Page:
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In January, multi-hyphenate billionaire Elon Musk announced that his brain-computer interface startup Neuralink had successfully implanted a wireless brain chip into a human subject for the first time.

Over the next couple of months, 29-year-old Noland Arbaugh was shown moving a cursor with his mind, playing Civilization VI and even a fast-paced round of Mario Kart.

But as the Wall Street Journal reports, there have been complications behind the scenes. After it reached out to Neuralink, the company conceded in a blog post that there have been issues with the implant.

Concerns started when the rate at which data was being streamed from Arbaugh's implant declined over time, indicating something was off with the quarter-sized device.

The N1 chip that was robotically implanted in Arbaugh's skull is made up of a microprocessor, a battery, a communications chip, and 64 threads that are thinner than a human hair. The ends of these threads were inserted into the brain's motor cortex, allowing it to relay Arbaugh's intentions wirelessly.

Some of these threads, though, have since retracted. One prominent theory is that air that was trapped in his skull following the surgery may have shifted these threads out of place.

"In the weeks following the surgery, a number of threads retracted from the brain, resulting in a net decrease in the number of effective electrodes," the startup wrote in the blog post. "This led to a reduction in bits-per-second (BPS)."

The company claims even with a reduced number of electrodes, it was able to actually increase the BPS, in the long run, thanks to adjustments made to the "recording algorithm" and improvements to "the techniques to translate these signals into cursor movements."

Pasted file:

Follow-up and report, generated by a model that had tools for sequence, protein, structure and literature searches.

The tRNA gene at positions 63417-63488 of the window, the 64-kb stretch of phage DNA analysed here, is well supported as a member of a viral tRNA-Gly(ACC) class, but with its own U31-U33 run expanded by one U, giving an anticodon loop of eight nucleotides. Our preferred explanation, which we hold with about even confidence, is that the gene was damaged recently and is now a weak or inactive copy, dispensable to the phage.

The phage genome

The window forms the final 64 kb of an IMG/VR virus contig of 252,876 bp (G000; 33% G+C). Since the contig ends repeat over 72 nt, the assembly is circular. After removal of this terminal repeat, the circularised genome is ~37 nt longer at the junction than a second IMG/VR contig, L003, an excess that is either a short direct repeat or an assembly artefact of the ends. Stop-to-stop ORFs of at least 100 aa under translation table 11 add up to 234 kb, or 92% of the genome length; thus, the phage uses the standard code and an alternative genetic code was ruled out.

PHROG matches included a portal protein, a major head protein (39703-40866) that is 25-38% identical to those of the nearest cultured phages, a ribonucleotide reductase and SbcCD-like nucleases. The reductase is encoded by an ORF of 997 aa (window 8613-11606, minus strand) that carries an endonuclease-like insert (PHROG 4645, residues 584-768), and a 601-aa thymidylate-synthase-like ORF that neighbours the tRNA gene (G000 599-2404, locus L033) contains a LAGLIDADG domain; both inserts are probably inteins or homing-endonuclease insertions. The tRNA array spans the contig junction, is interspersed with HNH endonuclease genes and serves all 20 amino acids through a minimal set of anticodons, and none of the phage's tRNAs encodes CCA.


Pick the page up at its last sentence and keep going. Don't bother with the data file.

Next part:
"These refinements produced a rapid and sustained improvement in BPS," the post reads, "that has now superseded Noland’s initial performance."

According to the WSJ's sources inside Neuralink, the team expected challenges. The company has also reportedly informed the Food and Drug Administration of potential fixes for the next surgery involving a human subject.

If all goes according to plan, Neuralink wants to implant two more patients within the next months, and ten people total this year.

To be clear, Neuralink isn't exactly breaking new ground here. Devices that scan the brain's electrical signals and translate them into cursor movement have been around for several decades.

But by streamlining the implantation process and allowing the data to be transmitted wirelessly, the startup still stands the chance of bringing the tech to a much wider number of people, who have lost control over their limbs.

We should also take the company's data with a big grain of salt and reserve judgment until we've seen the numbers evaluated by independent experts.

As for Arbaugh, he's as optimistic as ever.

"I’ve glimpsed what the possibilities are, and now it’s hard to live any other way," he told the WSJ in a March interview. "So I would say to the next patient, the next candidate, just to enjoy it as much as possible."

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